Representative Government

A Representative Government Reading List

Prepared by John Samples

Read This First

  • The Federalist Papers by Alexander Hamilton, James Madison and John Jay (1788)
    Essential reading on American liberty and constitutional design. Federalist no. 10 will repay a lifetime of re-reading and reflection.

On the American Experiment in Limited Government

On the Proper Role of Government

  • The Law by Frederic Bastiat (1850; Irvington-on-Hudson , NY : Foundation for Economic Education, 1998)
    Describes the foundations of government and of what goes wrong when government becomes an instrument of “redistribution” rather than justice.
  • Two Treatises on Government by John Locke (1690)
    A classic and timeless statement of the principles of individual liberty and limited government that had a major influence on the founding of the American republic.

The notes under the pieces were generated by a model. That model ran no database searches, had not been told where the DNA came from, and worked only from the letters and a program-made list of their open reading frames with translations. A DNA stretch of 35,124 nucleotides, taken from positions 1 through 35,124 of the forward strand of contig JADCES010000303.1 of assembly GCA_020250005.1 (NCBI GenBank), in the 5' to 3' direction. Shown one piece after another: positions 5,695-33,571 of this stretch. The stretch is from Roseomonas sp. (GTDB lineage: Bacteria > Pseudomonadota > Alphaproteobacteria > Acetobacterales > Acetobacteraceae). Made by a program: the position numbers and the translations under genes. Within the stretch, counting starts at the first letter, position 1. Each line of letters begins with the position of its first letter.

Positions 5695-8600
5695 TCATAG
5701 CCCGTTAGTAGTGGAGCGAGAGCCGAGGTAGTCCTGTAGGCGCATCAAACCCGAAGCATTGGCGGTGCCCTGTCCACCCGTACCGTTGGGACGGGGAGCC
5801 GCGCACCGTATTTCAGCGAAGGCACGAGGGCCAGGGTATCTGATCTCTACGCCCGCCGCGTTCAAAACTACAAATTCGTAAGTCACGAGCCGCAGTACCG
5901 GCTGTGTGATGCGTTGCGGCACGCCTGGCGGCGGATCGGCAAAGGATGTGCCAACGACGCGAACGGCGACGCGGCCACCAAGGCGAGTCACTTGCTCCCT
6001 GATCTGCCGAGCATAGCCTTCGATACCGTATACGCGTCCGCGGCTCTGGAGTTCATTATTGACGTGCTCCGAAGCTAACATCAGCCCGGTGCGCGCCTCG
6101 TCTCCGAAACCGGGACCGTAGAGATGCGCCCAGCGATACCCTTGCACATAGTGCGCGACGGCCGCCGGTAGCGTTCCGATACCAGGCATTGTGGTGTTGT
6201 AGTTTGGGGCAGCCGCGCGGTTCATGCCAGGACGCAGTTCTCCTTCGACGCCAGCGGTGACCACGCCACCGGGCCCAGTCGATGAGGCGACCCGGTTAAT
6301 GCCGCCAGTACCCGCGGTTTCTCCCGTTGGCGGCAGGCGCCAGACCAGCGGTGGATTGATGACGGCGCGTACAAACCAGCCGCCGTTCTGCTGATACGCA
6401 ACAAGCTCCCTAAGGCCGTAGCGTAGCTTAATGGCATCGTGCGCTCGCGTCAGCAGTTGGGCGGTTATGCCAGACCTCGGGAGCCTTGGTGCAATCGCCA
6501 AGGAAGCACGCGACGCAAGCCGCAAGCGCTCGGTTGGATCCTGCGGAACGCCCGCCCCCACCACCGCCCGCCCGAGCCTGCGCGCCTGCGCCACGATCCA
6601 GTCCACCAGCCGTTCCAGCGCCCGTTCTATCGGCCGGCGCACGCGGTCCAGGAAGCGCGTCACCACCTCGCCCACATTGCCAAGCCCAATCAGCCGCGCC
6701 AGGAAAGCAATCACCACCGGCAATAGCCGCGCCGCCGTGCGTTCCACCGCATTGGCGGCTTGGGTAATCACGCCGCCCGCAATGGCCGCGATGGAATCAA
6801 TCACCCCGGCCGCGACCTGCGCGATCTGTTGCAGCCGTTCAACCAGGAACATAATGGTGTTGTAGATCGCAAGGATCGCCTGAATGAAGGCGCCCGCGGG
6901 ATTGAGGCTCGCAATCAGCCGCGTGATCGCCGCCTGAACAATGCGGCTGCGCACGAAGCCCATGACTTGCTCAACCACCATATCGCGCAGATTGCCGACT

• The Constitution of Liberty by F. A. Hayek (University of Chicago Press, 1960)
    A modern defense of limited constitutional government. Hayek’s criticism of merit as distributional principle and his essay “Why I Am Not A Conservative” are especially vital.

On Government Failure

On the Growth of Government

On the Foundations of Liberty and Limited Government

  • The Politics of Faith and the Politics of Skepticism by Michael Oakeshott (Yale University Press, 1996)
    A quirky English libertarian/conservative with a devoted following. Those who practice the politics of faith are always a danger to liberty. Read this once and you’ll see what he’s talking about everywhere.
  • Four Essays on Liberty by Isaiah Berlin (Oxford University Press, 1969)
    In “Two Concepts of Liberty,” Berlin shows why the theory of positive liberty led to totalitarian nightmares in the twentieth century.
  • In Pursuit – of Happiness and Good Government by Charles Murray (Simon & Schuster, 1988)
    A leading libertarian policy analyst lays out the case for freedom. His analysis of the “little platoons” of society reconciles freedom and community.